Image copyright (c) 2006 Vikram K. Mulligan.

Aqsis started many years ago as a means to itch a scratch I had. I was fascinated by the concept of programmable shaders in CGI, in particular Pixar’s RSL. As a programmer, and frustrated artist, I always lean towards procedural content creation in art, as I can code and understand code far better than I can work a pencil or paintbrush (or indeed a mouse). Alongside the programmable shading, the idea of generating and modifying actual surface details through code was, to me, very exciting. Pixar’s RenderMan, based on the REYES rendering system, allowed small programs written in RSL to be assigned to various elements of the scene, including to actually change the underlying geometry with real displacement, a capability no other renderer had at the time. The image above, contributed by Vikram Mulligan, is an example of this power, the underlying geometry is deceptively simple, just geometric primitives, the surface detail and colour all provided by shaders.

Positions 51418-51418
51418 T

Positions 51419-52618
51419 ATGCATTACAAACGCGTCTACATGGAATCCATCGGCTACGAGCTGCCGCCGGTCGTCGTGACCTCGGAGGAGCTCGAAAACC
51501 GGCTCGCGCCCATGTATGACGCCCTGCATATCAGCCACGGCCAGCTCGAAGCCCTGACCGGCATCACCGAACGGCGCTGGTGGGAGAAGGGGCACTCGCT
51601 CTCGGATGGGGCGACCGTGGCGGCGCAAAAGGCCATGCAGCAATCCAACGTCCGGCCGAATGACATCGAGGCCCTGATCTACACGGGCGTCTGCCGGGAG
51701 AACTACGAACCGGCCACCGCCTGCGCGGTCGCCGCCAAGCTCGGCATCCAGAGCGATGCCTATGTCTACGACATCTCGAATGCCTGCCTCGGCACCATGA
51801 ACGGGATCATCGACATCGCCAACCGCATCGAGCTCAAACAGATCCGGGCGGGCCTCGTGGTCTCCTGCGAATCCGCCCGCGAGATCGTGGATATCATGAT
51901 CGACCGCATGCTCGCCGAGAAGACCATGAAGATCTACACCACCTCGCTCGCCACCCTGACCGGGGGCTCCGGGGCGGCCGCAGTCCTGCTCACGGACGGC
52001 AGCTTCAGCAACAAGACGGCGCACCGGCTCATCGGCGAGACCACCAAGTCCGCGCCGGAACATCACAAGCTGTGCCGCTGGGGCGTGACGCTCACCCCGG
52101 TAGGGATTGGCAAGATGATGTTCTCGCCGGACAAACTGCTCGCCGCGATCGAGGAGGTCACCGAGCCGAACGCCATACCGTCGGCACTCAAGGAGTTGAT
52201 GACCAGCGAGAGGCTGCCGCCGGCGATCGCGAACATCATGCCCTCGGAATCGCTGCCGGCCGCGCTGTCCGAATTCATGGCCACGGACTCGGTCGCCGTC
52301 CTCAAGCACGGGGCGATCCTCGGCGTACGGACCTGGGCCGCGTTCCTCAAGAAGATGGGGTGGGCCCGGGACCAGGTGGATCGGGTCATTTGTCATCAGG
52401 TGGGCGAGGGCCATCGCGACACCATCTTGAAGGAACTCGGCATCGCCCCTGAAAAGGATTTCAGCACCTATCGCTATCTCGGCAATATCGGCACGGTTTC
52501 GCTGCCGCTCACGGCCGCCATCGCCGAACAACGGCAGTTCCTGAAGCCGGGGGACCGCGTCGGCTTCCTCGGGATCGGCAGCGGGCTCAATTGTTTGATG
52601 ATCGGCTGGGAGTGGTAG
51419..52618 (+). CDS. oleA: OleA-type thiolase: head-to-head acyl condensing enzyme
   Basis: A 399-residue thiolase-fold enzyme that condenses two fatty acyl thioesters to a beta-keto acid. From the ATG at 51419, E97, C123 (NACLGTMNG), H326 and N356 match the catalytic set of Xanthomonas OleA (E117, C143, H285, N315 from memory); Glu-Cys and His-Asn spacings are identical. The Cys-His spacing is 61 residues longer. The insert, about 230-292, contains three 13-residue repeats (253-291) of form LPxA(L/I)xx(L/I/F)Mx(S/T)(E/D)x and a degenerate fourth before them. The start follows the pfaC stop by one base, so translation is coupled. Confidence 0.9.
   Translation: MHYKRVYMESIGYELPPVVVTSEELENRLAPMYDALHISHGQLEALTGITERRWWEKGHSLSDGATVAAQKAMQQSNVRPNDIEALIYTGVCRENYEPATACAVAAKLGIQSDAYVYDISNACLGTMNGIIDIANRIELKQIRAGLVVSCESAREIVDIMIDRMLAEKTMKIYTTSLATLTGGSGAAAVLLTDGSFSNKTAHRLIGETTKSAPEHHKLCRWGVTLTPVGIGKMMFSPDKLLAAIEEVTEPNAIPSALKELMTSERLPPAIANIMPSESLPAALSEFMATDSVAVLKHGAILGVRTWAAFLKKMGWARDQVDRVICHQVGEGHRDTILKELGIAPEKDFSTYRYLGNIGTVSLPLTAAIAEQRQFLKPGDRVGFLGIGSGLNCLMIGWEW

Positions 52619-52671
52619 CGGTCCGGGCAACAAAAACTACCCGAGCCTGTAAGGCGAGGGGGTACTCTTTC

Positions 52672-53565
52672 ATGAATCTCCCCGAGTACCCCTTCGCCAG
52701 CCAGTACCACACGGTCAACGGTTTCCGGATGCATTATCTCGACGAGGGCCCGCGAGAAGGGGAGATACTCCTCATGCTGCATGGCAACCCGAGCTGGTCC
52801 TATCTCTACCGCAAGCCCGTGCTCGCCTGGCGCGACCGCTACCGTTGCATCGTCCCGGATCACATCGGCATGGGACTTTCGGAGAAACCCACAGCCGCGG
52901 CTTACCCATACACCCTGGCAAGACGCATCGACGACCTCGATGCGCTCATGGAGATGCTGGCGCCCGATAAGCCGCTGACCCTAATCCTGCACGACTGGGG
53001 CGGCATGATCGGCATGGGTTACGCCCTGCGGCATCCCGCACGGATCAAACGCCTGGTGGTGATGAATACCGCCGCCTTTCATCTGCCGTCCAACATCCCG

However, at the time, 1990-ish, RenderMan was not available to the common man, so I decided to have a go at creating my own so that I could experiment with this exciting concept. From these humble roots grew the biggest personal project I’ve ever worked on, involving people from around the globe and achieving recognition I hadn’t ever envisioned. The Aqsis project was accepted into the Google Summer of Code multiple times, and has been used as an educational tool as well as a production rendering solution through its lifetime. It also let me to Ian Stephenson, who approached me to contribute to the book “Production Rendering: Design and Implementation”.

Now, sadly, largely overtaken by more modern rendering techniques enabled by advancing hardware capabilities, Aqsis still stands as a great codebase for learning about core graphics principles and software architecture practices.

The home of the project is here